CFP: Modernism-Fascism-Postmodernism (5/15/06; 9/20/06-9/22/06)

full name / name of organization: 
Susanne Baackmann
contact email: 

September 20-22, 2006
The University of New Mexico, Albuquerque, NM

Fascism was frequently motivated by a rejection of
modernity and modernization, along with other
"internationalizing" features of the early 20th century.
Similarly, fascism in Germany entailed a repudiation of
modernism's various aesthetic modes, especially its visual
languages: from Expressionism and Cubism through
Constructivism and the Bauhaus to Dada and Surrealism. Not
surprisingly, the most famous modernist painting of the
entire 20th century, Picasso's Guernica (1937), was
triggered by anti-fascist partisanship. Nonetheless, some
strains of nationalistic modernism, such as Futurism in
Italy and Vorticism in England, articulated ideological
sympathies with fascist governments. The celebrated
critiques of Futurism by Walter Benjamin and Meyer
Schapiro remain key texts to be discussed in this regard.
More ambiguously, the legacy of fascism in the West, as
linked to figures like philosopher Martin Heidegger,
presents us with some intriguing contradictions,
especially given this thinker's subsequent impact on
post-modernist thought and aesthetics in the
Anglo-American world, as well as in France and elsewhere
in Western Europe. At once an anti-modernist and a
modernist, Heidegger occupies a paradoxical position in
the history of thought that calls for a concerted look at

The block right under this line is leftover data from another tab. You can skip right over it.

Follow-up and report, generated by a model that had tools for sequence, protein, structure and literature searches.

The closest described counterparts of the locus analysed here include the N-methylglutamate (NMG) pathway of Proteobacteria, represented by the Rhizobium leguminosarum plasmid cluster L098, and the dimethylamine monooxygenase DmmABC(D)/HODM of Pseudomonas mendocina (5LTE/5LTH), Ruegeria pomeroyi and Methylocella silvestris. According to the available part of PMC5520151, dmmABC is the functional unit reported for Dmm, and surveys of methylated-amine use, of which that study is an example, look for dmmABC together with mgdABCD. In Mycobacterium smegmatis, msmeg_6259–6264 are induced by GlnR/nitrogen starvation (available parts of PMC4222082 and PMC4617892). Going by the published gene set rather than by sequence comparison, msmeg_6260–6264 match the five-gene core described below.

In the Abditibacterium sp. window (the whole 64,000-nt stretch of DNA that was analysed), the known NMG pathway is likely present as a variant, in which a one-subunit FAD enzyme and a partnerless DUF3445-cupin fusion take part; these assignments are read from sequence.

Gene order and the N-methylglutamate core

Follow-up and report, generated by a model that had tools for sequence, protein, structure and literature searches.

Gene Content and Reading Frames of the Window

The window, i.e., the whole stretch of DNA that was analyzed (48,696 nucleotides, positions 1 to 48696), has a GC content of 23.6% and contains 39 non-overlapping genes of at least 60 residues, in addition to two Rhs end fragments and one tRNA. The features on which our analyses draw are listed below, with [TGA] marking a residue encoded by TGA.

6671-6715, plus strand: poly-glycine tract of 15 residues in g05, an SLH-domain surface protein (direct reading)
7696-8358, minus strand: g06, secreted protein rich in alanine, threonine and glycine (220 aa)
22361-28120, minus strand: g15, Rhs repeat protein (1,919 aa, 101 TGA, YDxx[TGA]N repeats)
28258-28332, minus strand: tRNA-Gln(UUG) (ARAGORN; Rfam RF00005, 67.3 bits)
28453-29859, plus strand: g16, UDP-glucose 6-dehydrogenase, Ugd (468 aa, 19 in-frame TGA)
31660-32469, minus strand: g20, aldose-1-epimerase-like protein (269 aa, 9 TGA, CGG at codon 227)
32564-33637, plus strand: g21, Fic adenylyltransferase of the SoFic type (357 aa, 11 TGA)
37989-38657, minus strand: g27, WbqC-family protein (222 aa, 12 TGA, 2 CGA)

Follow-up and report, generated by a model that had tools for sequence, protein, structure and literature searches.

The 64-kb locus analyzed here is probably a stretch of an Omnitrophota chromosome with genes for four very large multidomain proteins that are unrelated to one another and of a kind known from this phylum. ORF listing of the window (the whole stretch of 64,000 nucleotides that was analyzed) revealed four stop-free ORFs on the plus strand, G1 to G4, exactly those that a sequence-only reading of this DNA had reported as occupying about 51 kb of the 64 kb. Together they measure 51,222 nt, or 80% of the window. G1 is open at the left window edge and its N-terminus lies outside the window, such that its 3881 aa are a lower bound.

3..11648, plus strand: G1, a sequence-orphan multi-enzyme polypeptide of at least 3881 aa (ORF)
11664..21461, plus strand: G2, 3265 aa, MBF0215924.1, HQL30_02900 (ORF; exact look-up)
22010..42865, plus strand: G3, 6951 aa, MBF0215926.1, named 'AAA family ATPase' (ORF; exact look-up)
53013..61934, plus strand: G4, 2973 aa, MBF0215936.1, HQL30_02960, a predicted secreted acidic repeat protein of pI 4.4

the ongoing legacy of fascism within the current
"post-fascist" culture of the West. In fact, critical
engagement with fascist iconography, as found in the work
of contemporary artists like Barbara Kruger, Hans Haacke,
Anselm Kiefer, and Thomas Demand, among others, testify to
the ongoing aesthetic negotiations of our "post-fascist"
culture. These complex relationships, along with others,
will be explored by conference participants.

Main session topics include, but are not limited to the

o Modernism versus Fascism
o Modernism in Collusion with Fascism
o Questions of Gender and Fascism
o Post-Modernism and Post-Fascism
o Mass Culture, Kitsch, and Fascism
o Fascism as State Capitalism and Instrumental Thinking
o The Culture of Trauma and Loss in Post-Fascist Societies

The Conference will take place in September 2006 at the
University of New Mexico.

Please send paper proposals and/ or session proposals by
May 15, 2006 to: and/or or by mail/fax to:

Dr. Susanne Baackmann
                                     Dr. David Craven
Dept. of Foreign Languages & Literatures Dept.
of Art & Art History
MSCO3 2080
1 University of New Mexico
                                            1 University of New
Albuqerque, NM 87131-0001
 Albuquerque, NM 87131-0001
Tel: 505-277-4771
Fax: 505-277-3599

Susanne Baackmann Ph.D.
Associate Professor of German
Department of Foreign Languages and Literatures
Ortega Hall 229
MSC03 2080
1 University of New Mexico
Albuquerque, NM 87131-0001
Tel 505 277-3206
Fax 505 277-3599

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Received on Sat Jan 07 2006 - 11:15:12 EST